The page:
On arriving in Auvers on 20 May 1890, Vincent immediately went to see Dr Paul-Ferdinand Gachet (1828–1909) on the advice of his brother Theo. Gachet acted as Vincent's doctor and confidant. It was vital that he have one, as there was a chance he would suffer further psychotic attacks, as he had in Arles and Saint-Rémy:
With considerable medical experience and a deep interest in art, Gachet, who had been recommended to Theo by the artist Camille Pissarro, seemed right for the job. He painted in his spare time and knew many contemporary artists, including Edouard Manet, Claude Monet, Auguste Renoir and Paul Cézanne, and collected their work. Vincent felt understood by the eccentric doctor, who bore a striking resemblance to him in both looks and personality. The two became friends, and Vincent often visited Gachet in the former girls' school where he had lived since 1872. Vincent wrote to his brother Theo:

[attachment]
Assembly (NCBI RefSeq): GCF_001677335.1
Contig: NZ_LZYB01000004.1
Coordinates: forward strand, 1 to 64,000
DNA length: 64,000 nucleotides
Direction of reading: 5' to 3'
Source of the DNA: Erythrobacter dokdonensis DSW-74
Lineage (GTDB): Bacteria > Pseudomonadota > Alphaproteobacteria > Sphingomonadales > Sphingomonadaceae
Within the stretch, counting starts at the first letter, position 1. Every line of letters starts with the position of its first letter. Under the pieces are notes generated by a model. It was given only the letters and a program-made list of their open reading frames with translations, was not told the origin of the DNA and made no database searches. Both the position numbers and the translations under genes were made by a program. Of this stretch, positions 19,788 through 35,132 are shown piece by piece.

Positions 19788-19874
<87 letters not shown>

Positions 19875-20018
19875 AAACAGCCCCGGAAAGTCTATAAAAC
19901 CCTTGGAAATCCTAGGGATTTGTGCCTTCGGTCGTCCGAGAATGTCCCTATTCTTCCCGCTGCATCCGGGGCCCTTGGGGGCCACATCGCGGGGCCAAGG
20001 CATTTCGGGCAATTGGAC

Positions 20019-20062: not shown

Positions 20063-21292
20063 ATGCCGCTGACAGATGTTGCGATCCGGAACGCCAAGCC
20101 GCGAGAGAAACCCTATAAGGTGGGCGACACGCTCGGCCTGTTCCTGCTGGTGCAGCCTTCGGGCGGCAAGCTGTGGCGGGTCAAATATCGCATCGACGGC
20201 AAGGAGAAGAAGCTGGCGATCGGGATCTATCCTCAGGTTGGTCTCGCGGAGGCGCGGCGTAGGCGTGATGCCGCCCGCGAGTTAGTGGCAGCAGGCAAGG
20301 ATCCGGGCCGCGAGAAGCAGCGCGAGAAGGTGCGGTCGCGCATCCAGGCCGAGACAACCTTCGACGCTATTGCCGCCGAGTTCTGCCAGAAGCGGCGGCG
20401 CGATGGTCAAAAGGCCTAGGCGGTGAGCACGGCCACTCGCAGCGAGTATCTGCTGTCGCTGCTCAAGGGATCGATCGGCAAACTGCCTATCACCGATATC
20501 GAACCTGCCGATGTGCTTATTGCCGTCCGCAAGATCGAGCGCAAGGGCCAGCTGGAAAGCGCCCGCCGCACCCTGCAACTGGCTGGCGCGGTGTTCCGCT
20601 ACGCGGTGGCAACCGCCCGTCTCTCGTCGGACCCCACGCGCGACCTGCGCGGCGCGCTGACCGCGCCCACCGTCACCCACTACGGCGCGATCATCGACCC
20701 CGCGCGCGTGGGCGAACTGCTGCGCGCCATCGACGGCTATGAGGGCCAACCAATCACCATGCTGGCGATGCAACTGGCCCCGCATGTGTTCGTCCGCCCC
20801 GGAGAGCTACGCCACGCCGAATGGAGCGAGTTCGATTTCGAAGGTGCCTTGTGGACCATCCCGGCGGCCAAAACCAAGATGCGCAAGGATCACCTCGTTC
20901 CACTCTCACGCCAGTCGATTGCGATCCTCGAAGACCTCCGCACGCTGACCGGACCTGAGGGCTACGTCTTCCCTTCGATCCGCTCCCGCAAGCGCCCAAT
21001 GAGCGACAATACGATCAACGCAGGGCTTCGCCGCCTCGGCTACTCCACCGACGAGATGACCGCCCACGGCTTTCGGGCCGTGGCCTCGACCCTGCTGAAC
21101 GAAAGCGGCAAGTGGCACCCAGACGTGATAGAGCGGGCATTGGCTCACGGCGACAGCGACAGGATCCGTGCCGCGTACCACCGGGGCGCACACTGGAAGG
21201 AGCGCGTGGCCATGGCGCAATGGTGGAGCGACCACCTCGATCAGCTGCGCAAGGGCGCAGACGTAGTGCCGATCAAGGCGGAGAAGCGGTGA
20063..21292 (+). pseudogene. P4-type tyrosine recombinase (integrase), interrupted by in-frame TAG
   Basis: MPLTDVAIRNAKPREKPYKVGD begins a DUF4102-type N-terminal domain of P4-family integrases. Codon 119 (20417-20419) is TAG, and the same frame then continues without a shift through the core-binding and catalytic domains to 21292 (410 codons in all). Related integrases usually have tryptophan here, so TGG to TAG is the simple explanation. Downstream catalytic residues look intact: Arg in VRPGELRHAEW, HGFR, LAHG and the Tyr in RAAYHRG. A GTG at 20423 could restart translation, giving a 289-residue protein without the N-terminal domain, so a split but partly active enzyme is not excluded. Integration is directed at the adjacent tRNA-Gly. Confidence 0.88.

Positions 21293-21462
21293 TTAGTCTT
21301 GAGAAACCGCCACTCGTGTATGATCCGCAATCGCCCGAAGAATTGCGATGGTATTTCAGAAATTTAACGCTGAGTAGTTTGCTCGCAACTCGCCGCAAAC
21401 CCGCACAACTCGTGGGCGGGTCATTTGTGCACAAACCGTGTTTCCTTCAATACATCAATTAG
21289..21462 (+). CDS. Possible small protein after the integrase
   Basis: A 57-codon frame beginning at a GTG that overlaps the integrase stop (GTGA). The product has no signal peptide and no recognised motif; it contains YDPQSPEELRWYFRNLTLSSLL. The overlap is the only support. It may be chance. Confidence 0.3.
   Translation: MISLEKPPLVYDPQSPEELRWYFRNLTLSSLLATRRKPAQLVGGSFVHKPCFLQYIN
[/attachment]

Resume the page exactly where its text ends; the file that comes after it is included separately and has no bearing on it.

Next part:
Gachet’s house was filled with antiques; Vincent did not rate all of them highly but considered them useful as inspiration for still lifes and floral works. He made various paintings at the doctor’s house, including Dr Gachet's Garden and one of his daughter, Marguerite Gachet in the Garden. He also painted and etched Gachet’s portrait. The doctor had a printing press in his house, and Vincent planned to make etchings from the paintings he had done in Arles and Saint-Remy and produce prints of them at no cost. He never carried out his plan, however.
When Vincent lay suffering from a gunshot wound to the chest after attempting suicide on 27 July, Dr Gachet came to take care of him. His efforts were futile, however, and Vincent died two days later. Dr Gachet brought sunflowers to Vincent’s funeral and said a brief word. During his life, Vincent had given Gachet a number of his artworks, and after his death, Gachet was given several more.